The event had some heckling – most of it pro-Sanders – and a few audience members trying to ask questions out of turn or objecting to questions from the Fox moderators. Also, some counter-protesters showed up outside the venue, and some of them could be seen waving Trump flags on the lawn below. A van parked outside sold Trump merchandise, while a lone vendor offered Sanders shirts.

Sanders shirt vendor Photo by/Stephen Silver

A lone Bernie Sanders t-shirt vendor stands in front of a Trump merchandise truck, after the Bernie Sanders Fox News event Monday night in Bethlehem, Pa.

It was, for certain, much more of a Bernie Sanders crowd than a Fox News crowd, although the point of the event was more that Sanders is hoping to appeal to Fox viewers at home.

The crowd at the event didn't exactly match up with popular demographic conceptions about Sanders supporters. There was young and old, male and female, and not many people in tailored suits. Fox reportedly reached out to local political groups in order to fill the crowd, including some in Philadelphia.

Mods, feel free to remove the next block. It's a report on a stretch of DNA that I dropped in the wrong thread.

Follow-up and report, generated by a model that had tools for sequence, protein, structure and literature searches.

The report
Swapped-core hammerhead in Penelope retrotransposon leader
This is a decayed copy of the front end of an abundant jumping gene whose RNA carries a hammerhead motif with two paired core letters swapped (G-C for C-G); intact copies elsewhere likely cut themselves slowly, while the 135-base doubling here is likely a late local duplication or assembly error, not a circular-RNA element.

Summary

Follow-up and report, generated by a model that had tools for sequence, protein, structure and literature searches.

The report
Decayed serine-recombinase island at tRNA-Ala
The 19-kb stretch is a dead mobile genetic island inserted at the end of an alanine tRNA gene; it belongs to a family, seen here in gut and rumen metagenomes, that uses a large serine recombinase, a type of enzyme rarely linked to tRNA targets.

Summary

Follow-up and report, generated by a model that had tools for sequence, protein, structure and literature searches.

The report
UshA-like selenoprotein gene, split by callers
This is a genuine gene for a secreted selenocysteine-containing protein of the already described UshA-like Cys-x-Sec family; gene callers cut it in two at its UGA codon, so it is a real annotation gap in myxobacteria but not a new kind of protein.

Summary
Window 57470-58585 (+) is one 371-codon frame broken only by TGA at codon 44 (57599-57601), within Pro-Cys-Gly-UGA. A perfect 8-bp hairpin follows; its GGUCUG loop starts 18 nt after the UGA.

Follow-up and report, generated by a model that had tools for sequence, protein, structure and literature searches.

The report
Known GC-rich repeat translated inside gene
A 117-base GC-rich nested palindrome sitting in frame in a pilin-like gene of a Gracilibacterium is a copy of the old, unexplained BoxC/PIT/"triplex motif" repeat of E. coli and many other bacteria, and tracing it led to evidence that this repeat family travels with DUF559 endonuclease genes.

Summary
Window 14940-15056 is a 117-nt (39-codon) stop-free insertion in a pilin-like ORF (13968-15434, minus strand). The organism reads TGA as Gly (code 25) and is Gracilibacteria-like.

Bernie Sanders shakes hands with supporters after the Town Hall Stephen Silver/Stephen Silver

Bernie Sanders shakes hands with supporters after the Fox News town hall on Monday night in Lehigh County.

"I disagree with Donald Trump on virtually every issue," Sanders said of the president. "I'll tell you what upsets me the most, whether you're a conservative or moderate or progressive, I don't think the American people are proud that we have a president who is a pathological liar."

But Democrats must offer things of substance in the election, Sanders cautioned.

"If we spend all of our time attacking Trump, Democrats are going to lose."